The first set is from a secular song called Unchained Melody and the second is from IHOP worship leader Misty Edwards. I would argue that the second song is far more offensive than the first. Misty Edwards claims to be representing Christ and leads people into false worship with her song. It over sexualizes and romanticizes Christ. It does so using worldly terminology and secular principles of love. Now, here is the deep theology for today. You can make that same argument regarding worldly terminology and secular principles of love with Unchained Melody except that song does not pretend to be worship. Therein lies the difference.
This brings us to the big question. What are we really talking about? I would sincerely hope that no one is actually advocating that the listening to music is somehow sinful activity. Does anyone really believe they get to heaven and Jesus will say, "I'd like to let you in but you listened to Simon and Garfunkel." We have to grow up here as Christians. No one is talking about sin. We are talking about what we should and should not do. My question for those who preach abstinence from secular music is how far do we take it? The only real argument that can be made is that secular music is of the world and we ought to not be friends with the world but that leads to the simple question. How far do we take it? I assume that same person watches no television. I assume they watch no movies. I assume they take no vacations. What about their living? If that is in the world why is that any more righteous? Is this what the Bible teaches us? Hardly. That is actually the slippery slope that leads to legalism. Don't cut your hair. Don't wear dresses above the ankles. Then we are back under the law and thus sever Christ and His grace from our lives according to Galatians. Now, that does not mean that sin abounds because we have grace but that leads us back to the earlier question. What are we really talking about? Surely it is not sin we are talking about but rather feeling as if some sacrifice we make is honoring to God.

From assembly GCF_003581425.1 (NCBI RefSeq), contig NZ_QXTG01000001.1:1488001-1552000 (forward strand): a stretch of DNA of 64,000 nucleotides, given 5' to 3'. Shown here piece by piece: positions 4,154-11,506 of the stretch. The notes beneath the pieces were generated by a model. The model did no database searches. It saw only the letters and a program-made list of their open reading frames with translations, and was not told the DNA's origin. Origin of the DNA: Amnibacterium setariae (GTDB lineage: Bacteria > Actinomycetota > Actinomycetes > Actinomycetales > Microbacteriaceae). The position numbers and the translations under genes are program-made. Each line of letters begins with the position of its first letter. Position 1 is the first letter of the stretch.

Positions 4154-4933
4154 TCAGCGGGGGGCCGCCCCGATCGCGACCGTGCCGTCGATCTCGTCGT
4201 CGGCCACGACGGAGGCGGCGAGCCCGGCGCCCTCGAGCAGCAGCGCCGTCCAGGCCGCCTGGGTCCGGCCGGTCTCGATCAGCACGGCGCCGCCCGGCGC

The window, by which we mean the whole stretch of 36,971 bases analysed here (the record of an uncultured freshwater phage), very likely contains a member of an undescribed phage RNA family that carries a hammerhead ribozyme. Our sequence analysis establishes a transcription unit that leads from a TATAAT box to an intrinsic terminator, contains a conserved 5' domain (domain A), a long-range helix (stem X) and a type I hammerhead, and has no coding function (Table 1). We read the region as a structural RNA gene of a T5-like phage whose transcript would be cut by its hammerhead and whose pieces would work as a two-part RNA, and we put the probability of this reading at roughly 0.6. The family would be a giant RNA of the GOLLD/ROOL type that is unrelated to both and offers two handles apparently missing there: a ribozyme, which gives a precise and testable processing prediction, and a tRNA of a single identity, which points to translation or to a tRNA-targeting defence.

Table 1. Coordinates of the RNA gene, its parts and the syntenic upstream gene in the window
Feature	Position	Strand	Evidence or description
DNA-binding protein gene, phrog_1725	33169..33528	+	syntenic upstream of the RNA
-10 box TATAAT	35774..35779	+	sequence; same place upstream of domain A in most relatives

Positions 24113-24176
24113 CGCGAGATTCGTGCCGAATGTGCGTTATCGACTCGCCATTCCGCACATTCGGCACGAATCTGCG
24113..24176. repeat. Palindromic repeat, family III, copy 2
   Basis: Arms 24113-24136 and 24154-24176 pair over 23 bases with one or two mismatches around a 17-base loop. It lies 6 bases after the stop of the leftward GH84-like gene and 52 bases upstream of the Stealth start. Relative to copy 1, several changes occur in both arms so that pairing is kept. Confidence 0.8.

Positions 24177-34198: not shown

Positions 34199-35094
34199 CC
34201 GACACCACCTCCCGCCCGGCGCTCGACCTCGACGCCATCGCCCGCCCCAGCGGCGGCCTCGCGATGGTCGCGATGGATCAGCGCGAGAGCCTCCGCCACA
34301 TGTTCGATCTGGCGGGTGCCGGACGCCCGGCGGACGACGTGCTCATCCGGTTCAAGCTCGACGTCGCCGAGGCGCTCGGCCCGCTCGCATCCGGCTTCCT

This brings us to the key verses for today from the Prophet Micah. Keep in mind this is speaking about atoning for sin, not listening to music. Essentially Micah is saying what can I possibly bring to God as an acceptable sacrifice for the sins of my soul? What can make up for it? What shall I give to God for listening to easy listening music? Or classic rock? Or Beethoven? My firstborn? Will the Lord be pleased with ten thousand rivers of oil? I love the answer from God. You keep missing the point! He has already told you what to do! How to live your life. Do justice. Love kindness. Walk humbly before your God. Jesus once rebuked the Pharisees in similar fashion because while they were good at keeping the letter of the law they missed the point of it. I find it very difficult to believe that if we focus our lives on doing justly, loving mercy and walking humbly that listening to Jim Croce damages that.
Someone once asked me why I didn't just listen to praise music all the time. My answer remains that I never want worship to become background noise for me. Something to tap my toes to or play air guitar. I do not ever want Amazing Grace to have played and I didn't even realize it. To not even stop to consider the amazing grace of God. Worship music is not supposed to be entertainment beloved and that is a large part of the modern day problem with it. Secular music is supposed to be entertainment. That is the difference. I find many on the other side of this argument do not realize they are essentially advocating for one of two positions. Either they are arguing that seeking entertainment should only be Christian in nature or that Christians should not seek entertainment. I find neither position to be biblical nor even plausible. Beloved, I will not pretend that the Bible encourages the listening to non-worship music. It also does not prohibit it however and that is where the burden of proof remains.